What You Might Not Know About the Gender Gap in Reading
Gender stereotypes persist because they are short-hand for the often incredibly complicated factors that go into how children learn. It can be easier to argue over whether it's true that "boys don't like reading" or "girls don't like math" than to really dig into data on why Student A struggles while Student B excels.
The Brookings Institution's Brown Center on Education Policy's annual report on American education makes a good start in digging into the apparent gender gap between boys and girls in reading. Girls have outscored boys in reading at ages 9, 13, and 17 on the National Assessment of Educational Progress every year since it was first administered in 1971, and report author Tom Loveless notes that as far back as the 1940s, educators found girls outscoring boys in reading comprehension and vocabulary. Moreover, Loveless finds that the reading gap favoring girls appears more consistent across different countries than the math gap favoring boys.
While those findings uphold the common wisdom, the study later upends two other education truisms: that boys are falling further and further behind, and that the reading gap occurs because girls simply enjoy reading more than boys do.
Loveless analyzed data from the OECD's Program for International Student Assessement, which in 2000 and 2009 asked students four different questions about how much they enjoyed reading. The study compared students' reported enjoyment of reading to their test scores, country by country.
"It turns out there's no relationship at all," Loveless told me. Some countries, like Germany, did see a boost in reading achievement at the same time as boys reported enjoyment of reading increased, but both France and Ireland also improved boys' reported enjoyment of reading—and both countries saw significant declines in reading performance.
"People tend to enjoy things they are good at, so in that sense ... by boosting reading achievement, you might and probably will boost enjoyment. But it doesn't necessarily work the other way," Loveless told me. "Before we spend a lot of money and adopt interventions that just target enjoyment with the expectation that they will boost achievement, we need to think twice."
Similarly, using NAEP longterm trend data, the study found that gender gaps have been closing, not opening, since the 1970s. At age 9, girls as a whole outscored boys by 13 points (on a 500-point scale) in 1971, but only by 5 points in 2012, a significant decrease Loveless said was driven by boys improving their scores faster than girls did in the intervening years. Students at ages 13 and 17 showed similar, though less significant, gap closures.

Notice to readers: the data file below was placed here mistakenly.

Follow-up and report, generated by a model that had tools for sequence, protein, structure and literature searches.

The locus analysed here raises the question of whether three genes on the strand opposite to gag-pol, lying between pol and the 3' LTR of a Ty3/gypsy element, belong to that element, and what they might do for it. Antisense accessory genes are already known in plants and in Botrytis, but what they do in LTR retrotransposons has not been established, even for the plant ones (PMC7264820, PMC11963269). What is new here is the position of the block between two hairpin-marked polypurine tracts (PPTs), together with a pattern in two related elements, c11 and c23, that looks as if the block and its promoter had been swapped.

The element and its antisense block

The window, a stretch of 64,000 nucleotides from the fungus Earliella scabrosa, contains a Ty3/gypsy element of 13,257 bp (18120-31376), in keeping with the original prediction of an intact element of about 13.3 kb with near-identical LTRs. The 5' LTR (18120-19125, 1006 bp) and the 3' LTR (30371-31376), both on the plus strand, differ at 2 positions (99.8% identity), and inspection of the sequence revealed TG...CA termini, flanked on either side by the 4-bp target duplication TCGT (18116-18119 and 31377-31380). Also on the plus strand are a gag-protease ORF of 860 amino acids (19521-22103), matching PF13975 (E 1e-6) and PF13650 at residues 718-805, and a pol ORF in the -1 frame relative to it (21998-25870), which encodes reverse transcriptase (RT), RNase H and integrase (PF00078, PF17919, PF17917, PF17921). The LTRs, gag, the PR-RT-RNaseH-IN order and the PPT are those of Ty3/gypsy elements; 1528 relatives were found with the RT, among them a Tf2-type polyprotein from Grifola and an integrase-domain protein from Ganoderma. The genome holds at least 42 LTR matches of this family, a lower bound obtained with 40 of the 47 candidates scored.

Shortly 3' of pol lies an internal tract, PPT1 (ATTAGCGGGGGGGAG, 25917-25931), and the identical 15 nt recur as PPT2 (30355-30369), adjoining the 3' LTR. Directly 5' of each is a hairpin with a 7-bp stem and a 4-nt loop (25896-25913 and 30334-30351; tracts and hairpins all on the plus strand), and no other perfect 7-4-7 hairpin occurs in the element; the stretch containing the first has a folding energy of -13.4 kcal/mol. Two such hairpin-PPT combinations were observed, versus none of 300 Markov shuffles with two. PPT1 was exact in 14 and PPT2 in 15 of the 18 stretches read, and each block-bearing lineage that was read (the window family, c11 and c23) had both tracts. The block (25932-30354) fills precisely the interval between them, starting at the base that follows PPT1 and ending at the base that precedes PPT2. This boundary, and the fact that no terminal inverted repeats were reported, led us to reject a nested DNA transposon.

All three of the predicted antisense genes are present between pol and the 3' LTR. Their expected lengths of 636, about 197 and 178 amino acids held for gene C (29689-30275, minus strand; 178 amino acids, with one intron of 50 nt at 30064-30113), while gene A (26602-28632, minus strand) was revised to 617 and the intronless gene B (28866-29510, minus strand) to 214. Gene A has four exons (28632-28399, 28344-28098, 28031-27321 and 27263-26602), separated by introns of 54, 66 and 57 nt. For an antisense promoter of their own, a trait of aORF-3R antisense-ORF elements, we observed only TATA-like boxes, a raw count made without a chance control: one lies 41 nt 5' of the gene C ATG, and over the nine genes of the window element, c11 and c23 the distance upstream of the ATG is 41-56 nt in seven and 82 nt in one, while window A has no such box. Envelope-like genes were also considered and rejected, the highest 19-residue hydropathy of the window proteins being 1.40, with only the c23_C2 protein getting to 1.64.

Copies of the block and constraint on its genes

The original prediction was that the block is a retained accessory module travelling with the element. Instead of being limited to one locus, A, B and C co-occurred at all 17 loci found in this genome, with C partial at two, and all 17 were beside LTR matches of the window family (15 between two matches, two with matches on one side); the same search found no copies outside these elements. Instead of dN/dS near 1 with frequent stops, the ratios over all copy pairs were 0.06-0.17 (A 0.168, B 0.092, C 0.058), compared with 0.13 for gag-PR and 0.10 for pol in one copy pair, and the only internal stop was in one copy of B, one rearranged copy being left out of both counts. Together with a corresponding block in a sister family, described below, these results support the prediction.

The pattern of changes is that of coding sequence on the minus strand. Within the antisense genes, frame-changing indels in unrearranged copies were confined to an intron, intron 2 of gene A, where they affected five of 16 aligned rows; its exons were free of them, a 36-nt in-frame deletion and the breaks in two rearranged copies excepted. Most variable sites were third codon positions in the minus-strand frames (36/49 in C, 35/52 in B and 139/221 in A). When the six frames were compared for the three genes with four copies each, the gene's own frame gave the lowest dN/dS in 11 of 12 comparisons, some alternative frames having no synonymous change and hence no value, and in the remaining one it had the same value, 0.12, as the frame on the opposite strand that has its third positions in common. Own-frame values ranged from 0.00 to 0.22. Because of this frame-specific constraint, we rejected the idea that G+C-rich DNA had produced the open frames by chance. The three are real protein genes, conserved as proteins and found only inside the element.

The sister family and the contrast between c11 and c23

Pinpointing the Gaps
It's good news that boys are closing the gap in reading since the 1970s, it's also worth digging a little deeper to pinpoint why. Though Loveless did not differentiate gender gaps by subgroups, I took a look at two categories—overall reading performance and socioeconomic status—using the same NAEP trend data on gender gaps in reading from 1971 to 2012, among 9 year olds. It's pretty clear that not only have the gender gaps been shrinking over time, as Loveless finds, but that in any given year, there's a big difference between gender gaps among students in the lowest percentile of performance and those at the top 10 percent:
Loveless said the results are probably in line with how school districts would interpret the gender gap, anyway: "If you have an intervention, you want to tie it to students who aren't doing well to begin with," he said. "It makes sense that if you have extra money and want to improve reading, low-achieving boys might be where you want to take a look at spending that extra money."
But focusing only on the gender gap may skew the picture for whom reading interventions should target. Let's look at one more piece of data: socioeconomic status.
There are fewer years of usable information in NAEP for poverty status and gender, but you see a similar pattern emerge for reading gaps when 9-year-old students are grouped by whether or not they qualify for free or reduced-price meals:
Gender gaps do close for boys in both groups from 2004 to 2012, but significantly more for boys who are not in poverty. In fact, for children in poverty, the average girl's scale score in reading on the NAEP was 204 out of 500 in 2004, rising to 211 in 2012. Boys' scores rose from 195 to only 203 during the same time frame.
By contrast, the scale scores for boys not in poverty rose 10 points, from 224 to 234, from 2004 to 2012. While that's lower than girls' scale score of 236 in 2012, it's 25 points higher than the score for low-income girls.
School districts need more research that digs into data on gender gaps to better understand why they happen, why they change, and what helps all children over time.
For more on the Brookings report's study of how students' enjoyment and motivation affects their learning, check out my colleague Evie Blad's coverage over at Rules for Engagement. You can see more details on the study in the video below.
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